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Children of Men

Children of Men” (2006)
A film that put us through the emotional wringer to the degree that we repaired to the nearest pub immediately afterward for a stiff brandy, Cuarón’s last film, “Children of Men” is a totally different animal from “Gravity,” and yet both are recognizably from the same authorial sensibility. While we, like everyone else, loved “Y Tu Mama Tambien” and judged “Harry Potter and the Prisoner of Azkaban” to be by some distance the best Potter movie, nothing had quite prepared us for the sheer mastery and control of Cuarón’s adaptation of the PD James novel. A gloriously textured, philosophically compelling movie, the dystopian society it imagines, in which no woman has given birth for over 17 years, may be bleak, but the film’s fierce intelligence, even its anger, means it’s never dull. From a technical standpoint as well, we can trace frequent Cuarón DP, the great Emmanuel Lubezki’s stunning, fluid work on “Gravity” to several touchpoint scenes here, from the glorious long handheld shot, played almost silently, as Theo (Clive Owen) and Kee (Clare-Hope Ashitey) leave the war-torn hospital clutching a certain precious bundle, to the now-famous moving car sequence that required various rigs, wings and prayers to achieve. So his and Cuarón’s fondness for long-take action, and their willingness to push back technical boundaries to achieve that vision, were already well in evidence prior to “Gravity.” But perhaps what’s most impressive to us, and what makes us admire Cuarón as much as we do is that all of this technical gimcrackery is only ever put in service of the story; he never sets the cart before the horse in that regard. While “Gravity” will and should exceed it in terms of box office receipts and mainstream success, for sheer storytelling confidence, emotional resonance and tour de force filmmaking it’s hard for us to believe that anything the director will do in future might surpass this masterpiece.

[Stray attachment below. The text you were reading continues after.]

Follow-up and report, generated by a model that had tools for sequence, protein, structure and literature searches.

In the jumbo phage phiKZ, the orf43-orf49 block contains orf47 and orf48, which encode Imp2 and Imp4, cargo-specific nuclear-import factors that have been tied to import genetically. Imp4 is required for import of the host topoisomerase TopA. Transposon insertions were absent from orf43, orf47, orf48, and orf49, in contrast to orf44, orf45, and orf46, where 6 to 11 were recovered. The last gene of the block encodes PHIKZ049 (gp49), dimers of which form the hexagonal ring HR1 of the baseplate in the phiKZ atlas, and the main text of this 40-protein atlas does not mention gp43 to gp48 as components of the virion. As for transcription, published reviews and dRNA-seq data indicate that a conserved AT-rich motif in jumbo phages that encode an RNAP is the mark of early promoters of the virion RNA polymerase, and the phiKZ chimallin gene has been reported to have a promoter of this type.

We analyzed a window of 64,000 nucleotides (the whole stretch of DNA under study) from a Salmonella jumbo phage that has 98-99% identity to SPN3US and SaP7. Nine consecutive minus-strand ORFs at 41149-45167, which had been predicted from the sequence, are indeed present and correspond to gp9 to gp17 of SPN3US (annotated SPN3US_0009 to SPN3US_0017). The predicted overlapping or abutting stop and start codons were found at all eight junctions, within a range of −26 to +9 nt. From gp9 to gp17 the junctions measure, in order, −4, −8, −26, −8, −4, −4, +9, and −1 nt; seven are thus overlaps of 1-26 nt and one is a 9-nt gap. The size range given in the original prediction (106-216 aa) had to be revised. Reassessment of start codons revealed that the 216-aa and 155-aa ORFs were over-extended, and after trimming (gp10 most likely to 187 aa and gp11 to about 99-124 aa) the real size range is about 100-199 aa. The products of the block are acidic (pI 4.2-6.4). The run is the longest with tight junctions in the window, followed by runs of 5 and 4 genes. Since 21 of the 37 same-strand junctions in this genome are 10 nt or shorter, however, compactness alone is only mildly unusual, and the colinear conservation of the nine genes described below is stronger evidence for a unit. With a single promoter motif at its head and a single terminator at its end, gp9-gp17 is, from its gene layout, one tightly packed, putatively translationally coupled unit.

Moon Rockwell

"Moon" (2009)
Like "Gravity," "Moon" is a somewhat high-concept sci-fi project whose central conceit is one of deceptive simplicity. An astronaut, stationed on the moon (an all-time best Sam Rockwell, which is saying something because we love Sam Rockwell) and working for a shadowy organization that cultivates energy from the sun, makes a startling discovery right before he is scheduled to return home: after getting involved in an accident with his moon rover, he is met by a man who appears to be his exact double. Since Rockwell is the only actor to ever appear on screen (even if occasionally in duplicate), it's kind of a one-man show like "Gravity." And like "Gravity," too, one of the major supporting roles is less played than it is voiced—Rockwell has a robot assistant, in a less-than-subtle nod to "Silent Running," and the robot is voiced by Kevin Spacey. In "Gravity," "Mission Control" is voiced by Ed Harris, in a similarly blatant nod to "Apollo 13." Both movies tease existential notions of humanity and identity, with Rockwell unsure of his place in the universe after finding out that there's someone (maybe more than one) just like him, while Sandra Bullock, during her space odyssey, has to come to terms with the singularity of her death; that no one will know or necessarily care too much if she drifts forever into the cold blackness. Both grapple with similar notions but in opposite ways, and both seem to have been inspired by similar material (including, of course, "Silent Running," and '2001'). While "Moon" isn't as interested in visceral thrills as "Gravity," and probably cost as much as George Clooney's trailer, it still grapples with similar thematic concerns, and even now it offers the unexpected whoosh of watching a movie that you know will be seen, at some point, as a certifiable classic.